At the end of last week, U.S. Rep. Debbie Wasserman Schultz, D-Fla., and U.S. Rep. Stephanie Bice, R-Okla., led more than 40 members of the U.S. House Members in writing the Centers for Disease Control and Prevention (CDC) and urging it “to address the pandemic-era decline in routine breast exam screenings and collaborate with Congress to develop solutions to reverse the troubling drop-off in these life-saving procedures.”
Wasserman Schultz’s office weighed in on Friday as to why she helped organize the letter.
“Various public health, economic and advocacy groups have documented that the COVID-19 virus disproportionately affected women. Often, it forced women from the labor force or resulted in them taking on more family and childcare responsibilities as daycares and schools closed for in-person instruction. These responsibilities, along with other health and economic factors, have caused women to forego necessary routine preventative and diagnostic medical testing,” Wasserman Schultz’s office noted.
“The onset of the pandemic saw a drastic drop of more 80 percent in breast cancer screenings, with rates among women of color declining even more. When detected early, breast cancer survival rates are over 95 percent– but when detected in later stages, survival rates can be as low as 66 percent,” the congresswoman’s office added. “The Protecting Access to Lifesaving Screening (PALS) Act Coalition members worry that the 84 percent drop in breast cancer screening due to the pandemic will have a significant impact on early detection. In July, Carolyn Aldigé, founder and CEO of the Prevent Cancer Foundation stated: ‘If diagnosed early, the five-year survival rate for breast cancer is 99 percent—that’s why breast cancer screening is so critical.'”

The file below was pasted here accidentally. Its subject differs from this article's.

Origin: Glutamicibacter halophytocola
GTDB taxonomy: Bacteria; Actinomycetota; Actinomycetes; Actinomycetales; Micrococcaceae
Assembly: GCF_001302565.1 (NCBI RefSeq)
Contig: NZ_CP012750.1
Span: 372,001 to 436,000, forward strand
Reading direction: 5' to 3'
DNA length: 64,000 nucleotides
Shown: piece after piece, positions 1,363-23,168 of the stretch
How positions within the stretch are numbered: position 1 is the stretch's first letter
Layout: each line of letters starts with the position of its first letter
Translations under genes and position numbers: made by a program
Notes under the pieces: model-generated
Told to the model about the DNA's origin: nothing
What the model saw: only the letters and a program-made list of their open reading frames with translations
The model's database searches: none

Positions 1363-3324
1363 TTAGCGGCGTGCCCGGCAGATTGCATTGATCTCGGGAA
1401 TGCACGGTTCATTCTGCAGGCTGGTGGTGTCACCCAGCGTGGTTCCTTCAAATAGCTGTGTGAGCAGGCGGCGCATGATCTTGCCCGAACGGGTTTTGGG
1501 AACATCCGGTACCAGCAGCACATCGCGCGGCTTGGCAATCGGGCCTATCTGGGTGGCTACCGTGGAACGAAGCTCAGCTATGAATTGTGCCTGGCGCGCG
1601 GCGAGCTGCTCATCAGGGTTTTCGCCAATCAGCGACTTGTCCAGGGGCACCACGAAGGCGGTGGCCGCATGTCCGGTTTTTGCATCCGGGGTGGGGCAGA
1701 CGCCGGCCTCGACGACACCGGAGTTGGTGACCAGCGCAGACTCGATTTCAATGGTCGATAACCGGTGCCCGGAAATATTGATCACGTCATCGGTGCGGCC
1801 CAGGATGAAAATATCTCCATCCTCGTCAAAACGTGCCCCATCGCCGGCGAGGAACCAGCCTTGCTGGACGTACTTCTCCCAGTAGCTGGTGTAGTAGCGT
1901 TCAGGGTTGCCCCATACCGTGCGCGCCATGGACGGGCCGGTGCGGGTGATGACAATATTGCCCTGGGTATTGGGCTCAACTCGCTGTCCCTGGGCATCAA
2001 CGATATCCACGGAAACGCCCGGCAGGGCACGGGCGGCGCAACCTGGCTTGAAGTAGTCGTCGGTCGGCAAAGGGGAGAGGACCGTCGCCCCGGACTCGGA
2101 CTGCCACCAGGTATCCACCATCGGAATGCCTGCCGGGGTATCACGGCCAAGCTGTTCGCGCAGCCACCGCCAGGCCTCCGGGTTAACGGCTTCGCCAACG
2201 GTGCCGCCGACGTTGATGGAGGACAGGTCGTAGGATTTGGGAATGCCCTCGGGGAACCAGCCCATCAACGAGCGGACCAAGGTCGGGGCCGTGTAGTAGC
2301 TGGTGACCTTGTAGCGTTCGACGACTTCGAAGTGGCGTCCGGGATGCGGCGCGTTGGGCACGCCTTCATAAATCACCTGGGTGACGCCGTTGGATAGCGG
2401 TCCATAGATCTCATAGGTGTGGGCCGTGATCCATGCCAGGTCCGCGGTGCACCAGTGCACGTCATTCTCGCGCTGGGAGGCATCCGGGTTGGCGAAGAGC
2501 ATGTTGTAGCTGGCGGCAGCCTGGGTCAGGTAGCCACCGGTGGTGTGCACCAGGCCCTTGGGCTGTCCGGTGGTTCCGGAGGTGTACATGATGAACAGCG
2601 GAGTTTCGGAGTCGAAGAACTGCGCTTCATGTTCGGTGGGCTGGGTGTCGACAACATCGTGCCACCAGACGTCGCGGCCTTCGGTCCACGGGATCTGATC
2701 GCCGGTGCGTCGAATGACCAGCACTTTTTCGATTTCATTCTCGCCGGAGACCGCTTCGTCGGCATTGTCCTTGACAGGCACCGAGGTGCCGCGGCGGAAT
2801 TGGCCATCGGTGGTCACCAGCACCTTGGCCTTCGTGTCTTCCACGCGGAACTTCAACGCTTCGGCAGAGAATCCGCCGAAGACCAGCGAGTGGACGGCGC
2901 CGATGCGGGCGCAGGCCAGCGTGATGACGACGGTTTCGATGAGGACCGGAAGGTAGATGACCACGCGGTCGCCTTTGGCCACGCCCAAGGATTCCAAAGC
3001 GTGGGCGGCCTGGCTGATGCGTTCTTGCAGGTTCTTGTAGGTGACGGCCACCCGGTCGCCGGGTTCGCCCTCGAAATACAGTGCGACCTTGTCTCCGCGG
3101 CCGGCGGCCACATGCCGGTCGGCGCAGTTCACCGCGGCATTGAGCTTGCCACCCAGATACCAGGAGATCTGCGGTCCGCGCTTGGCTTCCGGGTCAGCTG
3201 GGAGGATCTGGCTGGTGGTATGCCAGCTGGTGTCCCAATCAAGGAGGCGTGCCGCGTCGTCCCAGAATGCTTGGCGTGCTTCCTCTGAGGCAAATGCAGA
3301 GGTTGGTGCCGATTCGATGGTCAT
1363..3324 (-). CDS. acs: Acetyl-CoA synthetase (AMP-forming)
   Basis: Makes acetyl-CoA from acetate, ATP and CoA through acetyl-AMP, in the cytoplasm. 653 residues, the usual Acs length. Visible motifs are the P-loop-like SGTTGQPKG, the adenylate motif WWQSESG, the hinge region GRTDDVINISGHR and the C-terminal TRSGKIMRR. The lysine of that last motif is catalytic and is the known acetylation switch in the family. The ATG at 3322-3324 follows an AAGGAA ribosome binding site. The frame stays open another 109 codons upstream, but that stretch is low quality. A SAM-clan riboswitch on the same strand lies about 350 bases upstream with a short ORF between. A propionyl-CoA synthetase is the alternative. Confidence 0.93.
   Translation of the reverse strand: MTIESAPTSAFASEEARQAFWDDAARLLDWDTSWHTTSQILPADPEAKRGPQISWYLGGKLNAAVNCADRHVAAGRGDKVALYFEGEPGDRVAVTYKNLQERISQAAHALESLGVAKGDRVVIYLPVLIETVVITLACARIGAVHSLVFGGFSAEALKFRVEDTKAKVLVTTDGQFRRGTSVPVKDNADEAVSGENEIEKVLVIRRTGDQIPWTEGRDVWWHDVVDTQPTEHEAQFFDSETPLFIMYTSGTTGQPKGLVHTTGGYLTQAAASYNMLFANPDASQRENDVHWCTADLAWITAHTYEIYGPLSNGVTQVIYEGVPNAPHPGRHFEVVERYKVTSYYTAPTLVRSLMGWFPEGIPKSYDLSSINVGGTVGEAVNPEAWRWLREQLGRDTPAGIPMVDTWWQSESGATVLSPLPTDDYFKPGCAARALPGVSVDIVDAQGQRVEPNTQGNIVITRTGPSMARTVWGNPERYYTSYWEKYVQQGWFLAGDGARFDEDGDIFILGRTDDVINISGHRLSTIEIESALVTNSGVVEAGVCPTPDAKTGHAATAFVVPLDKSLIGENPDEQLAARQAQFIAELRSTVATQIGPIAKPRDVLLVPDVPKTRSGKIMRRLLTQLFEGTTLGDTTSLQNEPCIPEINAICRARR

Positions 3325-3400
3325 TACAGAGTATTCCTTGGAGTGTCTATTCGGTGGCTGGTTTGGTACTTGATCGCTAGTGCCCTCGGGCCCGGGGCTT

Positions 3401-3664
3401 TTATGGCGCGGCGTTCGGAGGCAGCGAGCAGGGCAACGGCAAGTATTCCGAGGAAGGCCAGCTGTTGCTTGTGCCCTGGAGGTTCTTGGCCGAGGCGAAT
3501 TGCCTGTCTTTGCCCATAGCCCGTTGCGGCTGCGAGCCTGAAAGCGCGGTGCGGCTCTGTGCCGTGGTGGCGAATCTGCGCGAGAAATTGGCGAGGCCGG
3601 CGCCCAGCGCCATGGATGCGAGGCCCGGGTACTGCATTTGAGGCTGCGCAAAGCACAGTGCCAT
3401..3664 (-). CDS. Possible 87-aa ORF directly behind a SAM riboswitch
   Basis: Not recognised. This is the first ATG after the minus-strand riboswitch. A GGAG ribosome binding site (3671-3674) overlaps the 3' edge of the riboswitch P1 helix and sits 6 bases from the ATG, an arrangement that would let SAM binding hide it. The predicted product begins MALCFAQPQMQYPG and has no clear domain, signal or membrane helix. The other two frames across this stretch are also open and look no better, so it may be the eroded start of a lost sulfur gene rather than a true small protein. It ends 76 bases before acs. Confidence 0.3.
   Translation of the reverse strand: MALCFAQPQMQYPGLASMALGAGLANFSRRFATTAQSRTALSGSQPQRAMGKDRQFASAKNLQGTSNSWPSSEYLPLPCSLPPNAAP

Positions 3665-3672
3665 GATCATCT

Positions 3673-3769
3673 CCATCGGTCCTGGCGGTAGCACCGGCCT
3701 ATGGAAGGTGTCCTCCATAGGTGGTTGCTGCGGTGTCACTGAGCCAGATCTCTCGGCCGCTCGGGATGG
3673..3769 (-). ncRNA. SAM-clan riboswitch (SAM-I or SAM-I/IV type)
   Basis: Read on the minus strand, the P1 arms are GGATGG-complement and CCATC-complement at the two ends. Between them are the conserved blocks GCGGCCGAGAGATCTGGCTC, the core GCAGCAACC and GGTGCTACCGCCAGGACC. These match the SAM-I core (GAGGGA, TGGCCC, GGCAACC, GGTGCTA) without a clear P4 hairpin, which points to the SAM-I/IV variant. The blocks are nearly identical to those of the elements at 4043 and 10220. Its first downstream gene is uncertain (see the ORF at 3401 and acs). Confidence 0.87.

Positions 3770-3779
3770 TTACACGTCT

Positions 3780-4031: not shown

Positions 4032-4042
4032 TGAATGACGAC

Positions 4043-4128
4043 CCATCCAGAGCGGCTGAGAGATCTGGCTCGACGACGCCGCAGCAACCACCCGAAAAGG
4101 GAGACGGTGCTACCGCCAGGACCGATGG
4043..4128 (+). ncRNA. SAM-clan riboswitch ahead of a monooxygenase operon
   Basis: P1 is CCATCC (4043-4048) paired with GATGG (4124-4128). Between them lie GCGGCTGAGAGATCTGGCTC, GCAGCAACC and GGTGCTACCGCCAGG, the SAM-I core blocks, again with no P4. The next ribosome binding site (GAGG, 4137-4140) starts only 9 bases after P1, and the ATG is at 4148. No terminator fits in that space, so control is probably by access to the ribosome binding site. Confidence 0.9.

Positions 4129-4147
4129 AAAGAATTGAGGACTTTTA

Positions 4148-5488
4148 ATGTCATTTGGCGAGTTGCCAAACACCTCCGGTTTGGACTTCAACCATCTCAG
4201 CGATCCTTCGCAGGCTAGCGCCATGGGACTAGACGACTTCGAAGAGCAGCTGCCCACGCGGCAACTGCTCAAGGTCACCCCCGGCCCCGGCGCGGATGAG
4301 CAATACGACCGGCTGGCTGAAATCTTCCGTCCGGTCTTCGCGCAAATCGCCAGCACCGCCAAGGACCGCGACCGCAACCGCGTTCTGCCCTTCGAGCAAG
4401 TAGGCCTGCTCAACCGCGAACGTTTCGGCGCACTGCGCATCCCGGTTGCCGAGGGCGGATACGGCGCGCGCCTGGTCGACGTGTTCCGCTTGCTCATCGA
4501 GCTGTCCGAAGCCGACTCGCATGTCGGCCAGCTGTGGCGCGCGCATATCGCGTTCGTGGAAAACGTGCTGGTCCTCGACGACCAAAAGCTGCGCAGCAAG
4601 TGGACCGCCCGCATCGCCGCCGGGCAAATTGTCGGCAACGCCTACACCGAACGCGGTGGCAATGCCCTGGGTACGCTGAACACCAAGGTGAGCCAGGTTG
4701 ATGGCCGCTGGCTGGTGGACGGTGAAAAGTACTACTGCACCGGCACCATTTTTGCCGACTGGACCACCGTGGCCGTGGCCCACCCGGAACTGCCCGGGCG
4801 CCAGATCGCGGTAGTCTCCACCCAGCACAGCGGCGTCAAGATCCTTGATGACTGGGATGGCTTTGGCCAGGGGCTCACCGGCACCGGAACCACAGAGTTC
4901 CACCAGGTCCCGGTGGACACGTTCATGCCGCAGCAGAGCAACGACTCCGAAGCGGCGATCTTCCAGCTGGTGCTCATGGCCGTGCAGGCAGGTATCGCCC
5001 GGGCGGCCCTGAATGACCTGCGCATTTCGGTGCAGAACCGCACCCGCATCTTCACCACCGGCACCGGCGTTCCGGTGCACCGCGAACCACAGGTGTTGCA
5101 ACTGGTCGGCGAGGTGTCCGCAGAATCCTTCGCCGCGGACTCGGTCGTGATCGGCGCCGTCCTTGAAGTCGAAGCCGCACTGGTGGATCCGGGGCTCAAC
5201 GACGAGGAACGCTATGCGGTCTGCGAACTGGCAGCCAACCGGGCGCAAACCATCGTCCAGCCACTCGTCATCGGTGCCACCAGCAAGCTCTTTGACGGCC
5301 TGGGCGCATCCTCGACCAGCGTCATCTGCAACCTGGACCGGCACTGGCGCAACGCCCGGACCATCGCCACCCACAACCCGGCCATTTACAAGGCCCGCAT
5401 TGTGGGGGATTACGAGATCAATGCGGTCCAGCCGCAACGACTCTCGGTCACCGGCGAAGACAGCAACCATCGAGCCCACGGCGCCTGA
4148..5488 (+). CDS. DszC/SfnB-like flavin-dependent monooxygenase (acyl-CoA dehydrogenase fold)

“Early detection, more than anything, saves lives. Any decline in breast cancer screenings means more suffering and heartache for the women and families who battle this deadly disease, and tragically dwindling mammography rates means more of them will die,” said Wasserman Schultz. “That is why I am calling on the CDC to pro-actively take action to reverse this drop-off and lessen the emotional, health, and financial toll it will take on millions of women.”
“It is critical that we address this alarming decline in breast cancer screenings,” said Bice. “I look forward to working with my colleagues to find solutions to end this life-threatening trend.”
U.S. Reps. Vern Buchanan, R-Fla., Lois Frankel, D-Fla., Al Lawson, D-Fla., and Maria Elvira Salazar, R-Fla., signed the letter.